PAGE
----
About half the 2.6 million people displaced in Iraq after a three-year war with Islamic State militants are children and persisting violence hampers efforts to ease their suffering, the United Nations said on Friday.
While the Baghdad government last month declared victory over Islamic State after wresting back almost all the territory IS seized in 2014, persistent bombing and shooting attacks make it difficult to rebuild the lives of displaced people, according to UNICEF, the U.N. children’s agency.
“We believe that as a result of the conflict, a lack of investment over the years, and the poverty … that there are 4 million children now in need across Iraq,” said Peter Hawkins, UNICEF chief representative in the country.
He told a Geneva news briefing by telephone from Baghdad that 1.3 million of the 2.6 million displaced by the often devastating fighting with Islamic State were children.
“While the fighting has come to an end in several areas, spikes of violence continue in others – just this week, three bombings went off in Baghdad,” UNICEF Regional Director Geert Cappelaere said in a statement.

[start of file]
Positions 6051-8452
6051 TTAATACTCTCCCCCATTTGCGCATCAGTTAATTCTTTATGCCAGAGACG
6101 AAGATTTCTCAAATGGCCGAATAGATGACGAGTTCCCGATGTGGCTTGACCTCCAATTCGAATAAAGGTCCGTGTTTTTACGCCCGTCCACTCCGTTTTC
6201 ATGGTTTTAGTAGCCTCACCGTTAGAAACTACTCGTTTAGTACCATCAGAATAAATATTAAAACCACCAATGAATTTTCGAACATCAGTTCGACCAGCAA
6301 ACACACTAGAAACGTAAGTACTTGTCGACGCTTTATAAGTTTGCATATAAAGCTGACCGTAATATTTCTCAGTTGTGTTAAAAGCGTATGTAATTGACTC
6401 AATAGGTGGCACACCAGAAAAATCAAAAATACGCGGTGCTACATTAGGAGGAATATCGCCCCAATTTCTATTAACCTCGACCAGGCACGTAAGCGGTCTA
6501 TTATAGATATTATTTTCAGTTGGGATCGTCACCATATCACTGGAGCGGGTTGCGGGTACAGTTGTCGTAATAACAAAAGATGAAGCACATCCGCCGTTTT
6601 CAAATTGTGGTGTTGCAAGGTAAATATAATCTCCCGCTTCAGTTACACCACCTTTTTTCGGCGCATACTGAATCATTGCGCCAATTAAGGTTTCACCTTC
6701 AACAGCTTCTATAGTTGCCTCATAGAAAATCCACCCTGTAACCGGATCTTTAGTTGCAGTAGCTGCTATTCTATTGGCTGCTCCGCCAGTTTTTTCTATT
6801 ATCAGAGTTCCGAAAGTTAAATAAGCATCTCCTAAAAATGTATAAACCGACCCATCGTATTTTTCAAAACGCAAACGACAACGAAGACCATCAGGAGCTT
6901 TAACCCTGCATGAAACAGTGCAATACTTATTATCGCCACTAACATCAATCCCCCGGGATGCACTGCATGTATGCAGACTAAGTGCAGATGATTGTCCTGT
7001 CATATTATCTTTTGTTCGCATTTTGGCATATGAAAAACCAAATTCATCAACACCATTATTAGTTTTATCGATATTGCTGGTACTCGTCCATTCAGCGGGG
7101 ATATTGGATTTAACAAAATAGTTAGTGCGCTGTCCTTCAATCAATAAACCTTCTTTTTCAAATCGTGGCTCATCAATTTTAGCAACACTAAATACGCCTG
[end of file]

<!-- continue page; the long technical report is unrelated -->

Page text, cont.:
“Violence is not only killing and maiming children; it is destroying schools, hospitals, homes and roads. It is tearing apart the diverse social fabric and the culture of tolerance that hold communities together.”
Hawkins said UNICEF was also helping children of alleged IS militants now in detention by providing comfort and legal aid, and is trying to reunite those separated from their families, including those abroad.
The issue of civilians uprooted from Sunni Muslim areas previously under control of Sunni IS jihadists has become the latest bone of sectarian-tinged political contention in Iraq.
Sunni politicians are lobbying for postponing parliamentary elections due in May to allow the displaced to return to their hometowns to cast their ballots there.
Shi’ite Muslim politicians including Prime Minister Haider al-Abadi insist on the vote taking place as planned on May 12.
The United States called on Thursday for the elections to be held on time, saying that delaying them “set a dangerous precedent, undermining the constitution and damaging Iraq’s long-term democratic development”.